Ratpac, Warner Bros. to Launch Chinese Film Fund With China Media Capital (Exclusive)

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Brett Ratner

Warner Bros. and Ratpac are doubling down on Chinese-language film production, Brett Ratner told THR in Beijing.

Warner Bros. and RatPac Entertainment are poised to deepen their investments in China with the launch of a new film fund, which they will use to finance Chinese-language movies and other content for the country's booming theatrical market.

"Ratpac, Warner Bros, [China Media Capital] and Shanghai Media Group will do a local Chinese fund to invest in Chinese movies, television and live entertainment," director turned movie mogul Brett Ratner told The Hollywood Reporter during an interview at the Beijing International Film Festival, where the filmmaker served as jury chair.

"The exciting thing is that China will be the No. 1 movie market in the world soon," he added. "We would like to be a big part of that."

RatPac, a partnership between Ratner and Australian billionaire James Packer, has a standing deal with Warner Bros. to co-finance almost every film in the studio's slate — as well as an existing investment in China. 

In 2013, Ratpac and Warners Bros.' parent company, Time Warner, became co-investors in a Chinese media fund set up by China Media Capital (CMC), the state-backed investment group headed by Li Ruigang, the influential former head of Shanghai Media Group. Occasionally likened to "China's Rupert Murdoch," Li has secured CMC's majority stake in Oriental DreamWorks and minority investment in Imax China. Warners and Ratpac were joined in the earlier fund by advertising agency WPP, Japanese telecom giant SoftBank and others. That fund has focused on investment opportunities across the Chinese media sector.

The new fund, according to Ratner, will focus exclusively on Chinese-language content for the booming Chinese entertainment markets.

"Li Ruigang at CMC has been an incredible partner, so I went to him and I said, 'We want to invest in Chinese local entertainment, but I don't know how to do it. We want you to be our partner on this new venture,'" Ratner explained. "Together, we're identifying Chinese projects we can put through that fund, and separately Ratpac is also going to be doing co-productions — big Hollywood-style movies that have Chinese cultural stories."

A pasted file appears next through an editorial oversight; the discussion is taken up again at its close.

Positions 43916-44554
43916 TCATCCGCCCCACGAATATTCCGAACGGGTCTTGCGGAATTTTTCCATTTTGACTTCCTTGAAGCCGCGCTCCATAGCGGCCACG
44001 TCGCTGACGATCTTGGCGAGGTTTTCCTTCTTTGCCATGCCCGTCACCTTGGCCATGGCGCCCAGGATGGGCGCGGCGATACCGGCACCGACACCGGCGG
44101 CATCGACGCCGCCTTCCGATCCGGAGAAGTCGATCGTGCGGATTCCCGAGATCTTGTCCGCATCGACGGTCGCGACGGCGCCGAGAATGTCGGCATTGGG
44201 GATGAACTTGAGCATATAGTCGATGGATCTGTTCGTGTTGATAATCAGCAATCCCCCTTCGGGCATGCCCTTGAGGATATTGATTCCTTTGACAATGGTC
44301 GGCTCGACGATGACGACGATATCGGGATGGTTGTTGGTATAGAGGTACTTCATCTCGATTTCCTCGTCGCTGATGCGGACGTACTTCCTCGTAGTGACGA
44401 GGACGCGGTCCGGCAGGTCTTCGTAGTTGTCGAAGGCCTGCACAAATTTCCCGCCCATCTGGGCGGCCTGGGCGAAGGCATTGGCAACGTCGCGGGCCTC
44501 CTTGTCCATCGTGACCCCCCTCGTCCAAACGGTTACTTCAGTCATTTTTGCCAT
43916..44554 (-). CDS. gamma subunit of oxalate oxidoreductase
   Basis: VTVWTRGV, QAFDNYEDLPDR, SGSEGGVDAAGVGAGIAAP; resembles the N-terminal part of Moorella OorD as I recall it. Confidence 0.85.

Over the past year, Chinese film studios have poured capital into Hollywood film slates. Beijing-based Perfect World Pictures is raising $500 million to invest in Universal's slate, and Bona Film Group put $235 million into 20th Century Fox's forthcoming tentpoles.

But as the market has swelled, and local Chinese films have become more competitive against Hollywood imports — in the first quarter of 2016, Chinese titles took nearly 70 percent of local box office — U.S. filmmakers and financiers are beginning to seek ways to make more local-language movies for the Chinese audience. Meanwhile, Chinese regulators maintain a strict quota on foreign-film imports, limiting the market access of U.S. studios.

Joe and Anthony Russo, the sibling director duo behind Marvel's Captain America franchise, recently set up a Chinese fund to produce Chinese pictures. Ratpac and Warner Bros. are set to do the same.

"I did [2014's] Hercules and it came out here and it didn't do too well," Ratner said in Beijing. "I just realized that the Chinese want their own film culture and business. Hollywood wants to get their movies into the market. Maybe next year they'll be able to get more films in, but still, at the end of the day, what do the Chinese want? They want their own movies." (Hercules, which Ratner directed, grossed $13.1 million in China.) 

Warner Bros.' participation in the new fund will mark an escalation of the studio's already ambitious efforts to produce localized content for China. Last year, Warners launched Flagship Entertainment, a joint venture headed by studio veteran Richard Fox but majority controlled by Li's CMC. In March, the upstart studio announced a diverse slate of 12 films to be made in China. Flagship plans to release its first Chinese film later this year.

In addition to the titles that emerge from the new fund, Ratner currently is producing a romance picture for Flagship called Beautiful Coma, which was developed and translated from an American script that Ratpac owned. The film will be directed by Hong Kong's Peter Chan.

"We're exploring many different hybrids and ways into the market," said Ratner. "Separately, Ratpac has taken a well known Warner Bros.' IP and reimagined it as a Chinese co-production franchise, which can be filmed in China."

The bang for buck that can be achieved in the Chinese market also is enticing to Hollywood execs. China's biggest hits to date, Raman Hui's Monster Hunt ($385.2 million) and Stephen Chow's The Mermaid ($525 million), were both made for less than $50 million, according to most insider estimates.

Concluded Ratner: "There is a huge opportunity here, because when you look at the performance of some of these Chinese movies versus the cost, it's staggering."


 

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